Feed the Future
This project is part of the U.S. Government's global hunger and food security initiative.

Farm-Scale Management Practices to Improve Productivity and Resilience

Date Published: 
November 11, 2011

A number of factors threaten agricultural productivity for African farmers. Many of Africa’s soils are highly weathered and low in nutrients and soil carbon. As a result, they have limited capacity to retain the nutrients and soil moisture necessary for high yields. Climate variability and change pose additional challenges for producers. Some farmers are experiencing more frequent and intense storms that cause erosion, rainwater run-off, and crop damage, while others experience more frequent droughts. At the same time rainfall patterns are becoming more variable with delayed onset and length of the rainy season, and in some cases, drought. These unpredictable patterns make it difficult for farmers to plan and manage their crops. Fortunately, there are a range of management practices and technologies that can be applied on-farm to increase agricultural resilience to climate stress.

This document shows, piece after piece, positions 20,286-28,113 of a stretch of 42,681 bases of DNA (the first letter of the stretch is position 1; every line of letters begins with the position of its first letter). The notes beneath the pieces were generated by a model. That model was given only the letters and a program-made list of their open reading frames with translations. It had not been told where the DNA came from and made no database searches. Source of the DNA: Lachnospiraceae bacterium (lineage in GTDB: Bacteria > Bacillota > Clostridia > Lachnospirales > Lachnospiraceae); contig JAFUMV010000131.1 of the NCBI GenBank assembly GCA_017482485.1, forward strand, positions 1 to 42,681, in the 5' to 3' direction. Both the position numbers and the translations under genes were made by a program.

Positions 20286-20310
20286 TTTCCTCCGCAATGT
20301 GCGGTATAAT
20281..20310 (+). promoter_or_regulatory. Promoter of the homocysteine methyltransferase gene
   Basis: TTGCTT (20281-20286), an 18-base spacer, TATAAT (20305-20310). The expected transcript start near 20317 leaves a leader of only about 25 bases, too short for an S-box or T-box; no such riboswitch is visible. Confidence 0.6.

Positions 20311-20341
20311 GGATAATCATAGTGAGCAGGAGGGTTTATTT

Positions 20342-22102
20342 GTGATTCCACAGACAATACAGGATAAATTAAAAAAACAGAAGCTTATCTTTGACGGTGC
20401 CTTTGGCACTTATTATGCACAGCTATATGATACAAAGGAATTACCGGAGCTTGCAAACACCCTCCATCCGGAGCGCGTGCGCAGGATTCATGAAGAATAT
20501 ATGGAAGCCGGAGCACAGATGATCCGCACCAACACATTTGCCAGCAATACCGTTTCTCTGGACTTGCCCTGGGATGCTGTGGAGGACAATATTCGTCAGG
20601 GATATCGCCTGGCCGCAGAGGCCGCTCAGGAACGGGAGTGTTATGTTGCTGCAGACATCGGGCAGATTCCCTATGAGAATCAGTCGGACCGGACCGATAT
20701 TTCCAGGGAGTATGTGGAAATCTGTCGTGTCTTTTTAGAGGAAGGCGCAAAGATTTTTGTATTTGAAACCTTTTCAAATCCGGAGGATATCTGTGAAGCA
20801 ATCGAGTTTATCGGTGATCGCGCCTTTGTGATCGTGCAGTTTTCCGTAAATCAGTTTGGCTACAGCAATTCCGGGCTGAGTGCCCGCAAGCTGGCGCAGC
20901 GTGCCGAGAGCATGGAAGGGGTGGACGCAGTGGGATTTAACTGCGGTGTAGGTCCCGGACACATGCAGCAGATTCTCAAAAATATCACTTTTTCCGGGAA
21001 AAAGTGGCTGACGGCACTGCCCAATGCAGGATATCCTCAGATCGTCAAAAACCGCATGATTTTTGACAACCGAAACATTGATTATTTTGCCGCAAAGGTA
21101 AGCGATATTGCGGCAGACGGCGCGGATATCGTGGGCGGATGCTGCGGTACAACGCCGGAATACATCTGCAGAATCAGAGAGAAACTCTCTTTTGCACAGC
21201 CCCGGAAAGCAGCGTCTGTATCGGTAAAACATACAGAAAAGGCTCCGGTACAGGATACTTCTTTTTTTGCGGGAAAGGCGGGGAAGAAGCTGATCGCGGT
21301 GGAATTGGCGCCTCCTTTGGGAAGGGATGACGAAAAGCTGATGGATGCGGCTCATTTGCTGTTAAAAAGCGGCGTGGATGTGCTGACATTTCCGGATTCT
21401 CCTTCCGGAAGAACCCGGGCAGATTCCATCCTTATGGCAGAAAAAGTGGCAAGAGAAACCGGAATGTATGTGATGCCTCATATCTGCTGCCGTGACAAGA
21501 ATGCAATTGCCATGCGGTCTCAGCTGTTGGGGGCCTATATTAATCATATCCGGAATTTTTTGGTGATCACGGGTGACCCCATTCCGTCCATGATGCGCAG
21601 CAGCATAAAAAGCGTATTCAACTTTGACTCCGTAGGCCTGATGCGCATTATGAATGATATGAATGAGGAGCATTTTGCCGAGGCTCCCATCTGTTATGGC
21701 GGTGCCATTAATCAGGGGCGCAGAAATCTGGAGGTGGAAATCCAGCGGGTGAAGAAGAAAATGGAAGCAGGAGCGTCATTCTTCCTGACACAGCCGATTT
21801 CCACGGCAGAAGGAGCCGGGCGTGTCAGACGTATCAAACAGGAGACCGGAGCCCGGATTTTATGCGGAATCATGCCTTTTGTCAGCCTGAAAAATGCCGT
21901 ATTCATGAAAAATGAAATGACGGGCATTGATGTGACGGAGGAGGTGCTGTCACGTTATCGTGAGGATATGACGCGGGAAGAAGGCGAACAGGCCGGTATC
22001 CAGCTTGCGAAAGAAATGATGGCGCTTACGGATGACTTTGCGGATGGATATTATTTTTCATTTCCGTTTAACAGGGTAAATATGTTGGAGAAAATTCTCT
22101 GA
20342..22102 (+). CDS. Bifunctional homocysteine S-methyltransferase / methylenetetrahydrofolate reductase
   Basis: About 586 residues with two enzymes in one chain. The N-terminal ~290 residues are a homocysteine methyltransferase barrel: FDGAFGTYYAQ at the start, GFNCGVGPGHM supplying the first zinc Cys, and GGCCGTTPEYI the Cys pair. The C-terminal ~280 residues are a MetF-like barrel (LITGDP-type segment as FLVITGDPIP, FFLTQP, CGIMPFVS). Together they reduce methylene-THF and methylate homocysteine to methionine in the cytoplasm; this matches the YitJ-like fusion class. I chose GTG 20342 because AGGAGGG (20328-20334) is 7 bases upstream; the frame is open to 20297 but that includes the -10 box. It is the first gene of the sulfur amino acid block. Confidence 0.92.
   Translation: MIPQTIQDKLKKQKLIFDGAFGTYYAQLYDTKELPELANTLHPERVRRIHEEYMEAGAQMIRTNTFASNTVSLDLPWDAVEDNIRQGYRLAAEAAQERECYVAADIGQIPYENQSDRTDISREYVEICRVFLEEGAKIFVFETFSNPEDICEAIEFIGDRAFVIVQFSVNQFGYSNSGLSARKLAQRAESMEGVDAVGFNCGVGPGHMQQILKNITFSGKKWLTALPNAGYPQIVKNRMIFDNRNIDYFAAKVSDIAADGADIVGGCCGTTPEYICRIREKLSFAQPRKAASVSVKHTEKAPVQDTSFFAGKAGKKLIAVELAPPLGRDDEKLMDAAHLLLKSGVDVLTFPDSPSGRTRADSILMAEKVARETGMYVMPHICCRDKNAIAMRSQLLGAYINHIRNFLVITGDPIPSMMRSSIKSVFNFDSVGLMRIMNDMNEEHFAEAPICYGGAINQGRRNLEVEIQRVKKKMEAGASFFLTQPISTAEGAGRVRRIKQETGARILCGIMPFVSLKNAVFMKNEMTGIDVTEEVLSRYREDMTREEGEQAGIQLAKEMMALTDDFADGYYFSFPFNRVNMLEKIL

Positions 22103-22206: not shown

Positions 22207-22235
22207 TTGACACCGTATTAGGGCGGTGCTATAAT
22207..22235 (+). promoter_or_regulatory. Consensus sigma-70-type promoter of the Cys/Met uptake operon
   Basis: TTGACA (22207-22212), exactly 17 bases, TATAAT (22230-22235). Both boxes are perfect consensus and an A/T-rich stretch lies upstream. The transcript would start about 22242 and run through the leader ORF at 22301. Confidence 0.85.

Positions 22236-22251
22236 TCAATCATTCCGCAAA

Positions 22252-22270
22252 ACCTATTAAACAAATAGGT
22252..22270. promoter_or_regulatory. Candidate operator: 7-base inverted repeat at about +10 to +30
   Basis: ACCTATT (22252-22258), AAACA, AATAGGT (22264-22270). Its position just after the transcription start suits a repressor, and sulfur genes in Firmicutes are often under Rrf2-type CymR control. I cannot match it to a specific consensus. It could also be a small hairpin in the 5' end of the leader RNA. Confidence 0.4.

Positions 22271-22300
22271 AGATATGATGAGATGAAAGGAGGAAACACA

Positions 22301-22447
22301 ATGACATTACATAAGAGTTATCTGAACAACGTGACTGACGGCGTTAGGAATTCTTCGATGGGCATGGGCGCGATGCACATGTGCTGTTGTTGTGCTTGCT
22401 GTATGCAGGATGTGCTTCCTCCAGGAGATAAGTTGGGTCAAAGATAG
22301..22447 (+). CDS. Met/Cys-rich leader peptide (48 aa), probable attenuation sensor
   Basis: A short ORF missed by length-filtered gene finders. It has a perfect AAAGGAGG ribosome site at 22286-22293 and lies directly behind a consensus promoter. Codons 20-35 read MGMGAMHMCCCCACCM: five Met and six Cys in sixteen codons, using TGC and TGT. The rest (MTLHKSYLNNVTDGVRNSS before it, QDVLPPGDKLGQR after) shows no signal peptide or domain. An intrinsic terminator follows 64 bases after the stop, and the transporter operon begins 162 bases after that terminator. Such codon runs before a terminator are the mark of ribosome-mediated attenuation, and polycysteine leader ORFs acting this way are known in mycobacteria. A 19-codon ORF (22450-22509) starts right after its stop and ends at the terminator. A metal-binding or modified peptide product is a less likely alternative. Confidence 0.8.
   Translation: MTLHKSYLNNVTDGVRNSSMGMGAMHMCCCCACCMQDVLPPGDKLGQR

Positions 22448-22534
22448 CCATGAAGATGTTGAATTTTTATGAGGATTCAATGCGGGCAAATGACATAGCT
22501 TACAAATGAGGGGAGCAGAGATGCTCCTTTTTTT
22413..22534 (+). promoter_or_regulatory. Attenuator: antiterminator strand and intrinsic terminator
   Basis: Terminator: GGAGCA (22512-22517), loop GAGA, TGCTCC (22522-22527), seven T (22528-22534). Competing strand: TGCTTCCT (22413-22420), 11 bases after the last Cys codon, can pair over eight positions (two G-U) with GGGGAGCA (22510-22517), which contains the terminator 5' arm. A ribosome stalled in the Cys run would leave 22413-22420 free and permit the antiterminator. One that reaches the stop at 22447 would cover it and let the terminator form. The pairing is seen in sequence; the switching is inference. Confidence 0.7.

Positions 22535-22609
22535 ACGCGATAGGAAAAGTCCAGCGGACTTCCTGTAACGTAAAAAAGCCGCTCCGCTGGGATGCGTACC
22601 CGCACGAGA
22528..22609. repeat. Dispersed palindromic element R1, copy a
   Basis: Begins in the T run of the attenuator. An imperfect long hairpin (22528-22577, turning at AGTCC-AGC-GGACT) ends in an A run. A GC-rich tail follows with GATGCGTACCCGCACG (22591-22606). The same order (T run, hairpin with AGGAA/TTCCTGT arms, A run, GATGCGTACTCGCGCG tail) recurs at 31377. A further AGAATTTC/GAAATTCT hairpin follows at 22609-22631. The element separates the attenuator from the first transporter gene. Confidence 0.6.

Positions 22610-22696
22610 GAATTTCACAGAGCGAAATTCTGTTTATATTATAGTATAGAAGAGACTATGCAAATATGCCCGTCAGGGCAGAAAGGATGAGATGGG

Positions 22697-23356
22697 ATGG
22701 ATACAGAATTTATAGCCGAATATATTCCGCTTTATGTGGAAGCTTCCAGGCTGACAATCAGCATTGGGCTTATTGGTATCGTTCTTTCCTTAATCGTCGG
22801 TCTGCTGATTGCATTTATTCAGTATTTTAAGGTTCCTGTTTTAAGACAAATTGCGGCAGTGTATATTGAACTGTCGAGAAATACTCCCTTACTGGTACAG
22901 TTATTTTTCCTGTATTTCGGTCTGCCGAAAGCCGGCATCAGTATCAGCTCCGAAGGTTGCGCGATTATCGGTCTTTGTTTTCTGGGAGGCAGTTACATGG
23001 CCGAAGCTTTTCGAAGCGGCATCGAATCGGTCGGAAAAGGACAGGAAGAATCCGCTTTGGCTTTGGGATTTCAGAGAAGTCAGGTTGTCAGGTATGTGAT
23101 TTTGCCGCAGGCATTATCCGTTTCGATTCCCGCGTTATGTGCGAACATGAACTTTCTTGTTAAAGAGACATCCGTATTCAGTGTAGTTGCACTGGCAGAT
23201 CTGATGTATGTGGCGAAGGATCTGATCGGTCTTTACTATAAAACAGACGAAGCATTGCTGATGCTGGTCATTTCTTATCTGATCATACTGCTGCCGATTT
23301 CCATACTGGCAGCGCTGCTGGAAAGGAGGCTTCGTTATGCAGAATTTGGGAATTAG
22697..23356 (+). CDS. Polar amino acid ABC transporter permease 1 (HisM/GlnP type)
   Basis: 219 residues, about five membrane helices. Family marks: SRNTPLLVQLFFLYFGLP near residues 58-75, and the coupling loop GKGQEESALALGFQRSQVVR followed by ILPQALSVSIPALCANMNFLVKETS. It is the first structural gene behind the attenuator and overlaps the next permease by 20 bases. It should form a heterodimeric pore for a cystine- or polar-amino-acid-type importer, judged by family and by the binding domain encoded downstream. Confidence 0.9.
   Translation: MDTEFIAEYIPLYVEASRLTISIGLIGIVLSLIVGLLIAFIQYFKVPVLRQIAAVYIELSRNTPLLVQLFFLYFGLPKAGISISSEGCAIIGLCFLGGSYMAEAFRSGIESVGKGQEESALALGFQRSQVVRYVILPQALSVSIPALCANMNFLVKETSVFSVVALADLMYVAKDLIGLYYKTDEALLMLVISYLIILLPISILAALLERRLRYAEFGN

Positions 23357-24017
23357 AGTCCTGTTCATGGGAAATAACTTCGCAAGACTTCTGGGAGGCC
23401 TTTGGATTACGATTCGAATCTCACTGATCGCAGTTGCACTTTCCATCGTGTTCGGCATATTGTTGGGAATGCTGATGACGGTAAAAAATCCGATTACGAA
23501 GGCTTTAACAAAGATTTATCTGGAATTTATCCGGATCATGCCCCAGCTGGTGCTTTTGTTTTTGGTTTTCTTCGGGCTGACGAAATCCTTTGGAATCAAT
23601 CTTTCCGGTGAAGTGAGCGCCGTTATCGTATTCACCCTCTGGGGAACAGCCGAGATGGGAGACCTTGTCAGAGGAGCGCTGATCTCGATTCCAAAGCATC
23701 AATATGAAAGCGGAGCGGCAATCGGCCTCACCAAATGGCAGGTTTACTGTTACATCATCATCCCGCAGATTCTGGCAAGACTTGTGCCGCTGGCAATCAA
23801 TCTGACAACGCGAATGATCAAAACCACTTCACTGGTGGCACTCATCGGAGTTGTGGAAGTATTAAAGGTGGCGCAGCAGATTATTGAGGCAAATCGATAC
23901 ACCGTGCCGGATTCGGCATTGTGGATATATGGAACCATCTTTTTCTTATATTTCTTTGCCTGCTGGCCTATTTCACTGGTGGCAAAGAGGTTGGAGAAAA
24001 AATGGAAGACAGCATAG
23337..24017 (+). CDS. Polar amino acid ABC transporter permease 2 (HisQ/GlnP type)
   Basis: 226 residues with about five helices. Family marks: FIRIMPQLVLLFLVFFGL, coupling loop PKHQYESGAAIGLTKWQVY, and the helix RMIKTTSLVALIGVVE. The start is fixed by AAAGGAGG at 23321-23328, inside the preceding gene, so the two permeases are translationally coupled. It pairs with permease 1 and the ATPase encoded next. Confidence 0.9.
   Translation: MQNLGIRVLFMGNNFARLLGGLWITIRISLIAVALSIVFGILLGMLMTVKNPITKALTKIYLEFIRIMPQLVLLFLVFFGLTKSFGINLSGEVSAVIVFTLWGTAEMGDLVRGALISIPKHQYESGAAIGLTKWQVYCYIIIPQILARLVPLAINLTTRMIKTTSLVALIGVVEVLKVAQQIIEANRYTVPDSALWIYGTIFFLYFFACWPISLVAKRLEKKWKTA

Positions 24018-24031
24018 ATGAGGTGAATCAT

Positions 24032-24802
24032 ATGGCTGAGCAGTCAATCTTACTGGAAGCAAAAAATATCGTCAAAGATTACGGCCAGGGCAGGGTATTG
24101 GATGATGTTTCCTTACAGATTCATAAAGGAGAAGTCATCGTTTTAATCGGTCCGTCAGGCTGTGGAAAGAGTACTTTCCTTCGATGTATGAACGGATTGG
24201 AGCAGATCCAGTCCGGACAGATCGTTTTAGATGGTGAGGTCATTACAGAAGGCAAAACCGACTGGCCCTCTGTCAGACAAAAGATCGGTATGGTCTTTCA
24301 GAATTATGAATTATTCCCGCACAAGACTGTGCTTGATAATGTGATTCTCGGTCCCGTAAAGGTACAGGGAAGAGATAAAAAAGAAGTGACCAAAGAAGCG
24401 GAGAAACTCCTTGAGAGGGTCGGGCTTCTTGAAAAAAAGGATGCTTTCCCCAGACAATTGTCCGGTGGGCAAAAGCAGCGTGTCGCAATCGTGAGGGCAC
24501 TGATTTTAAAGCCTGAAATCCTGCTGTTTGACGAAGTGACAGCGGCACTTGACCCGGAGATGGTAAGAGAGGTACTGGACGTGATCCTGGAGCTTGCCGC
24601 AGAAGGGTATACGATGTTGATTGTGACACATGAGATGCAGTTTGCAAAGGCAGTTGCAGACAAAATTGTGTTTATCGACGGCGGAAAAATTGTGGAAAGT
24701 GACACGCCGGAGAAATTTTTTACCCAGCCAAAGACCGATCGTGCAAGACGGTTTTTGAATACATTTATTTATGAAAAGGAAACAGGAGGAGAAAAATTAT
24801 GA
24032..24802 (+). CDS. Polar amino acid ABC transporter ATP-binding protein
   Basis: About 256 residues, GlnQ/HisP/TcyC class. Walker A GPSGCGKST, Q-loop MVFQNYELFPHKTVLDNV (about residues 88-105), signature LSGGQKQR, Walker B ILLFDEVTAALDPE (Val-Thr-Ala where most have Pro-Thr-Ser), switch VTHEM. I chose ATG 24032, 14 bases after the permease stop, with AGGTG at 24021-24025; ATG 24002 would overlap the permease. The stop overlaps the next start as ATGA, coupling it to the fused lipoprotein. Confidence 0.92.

This factsheet was developed as part of the Comprehensive Africa Agriculture Development Programme (CAADP) Climate-Smart Agriculture Workshop. The workshop focused on approaches for effective program design of climate-smart agriculture in support of both country and regional CAADP investment plans. Climate-smart agriculture incorporates practices that increase productivity, efficiency, resilience, adaptive capacity, and mitigation potential of production systems.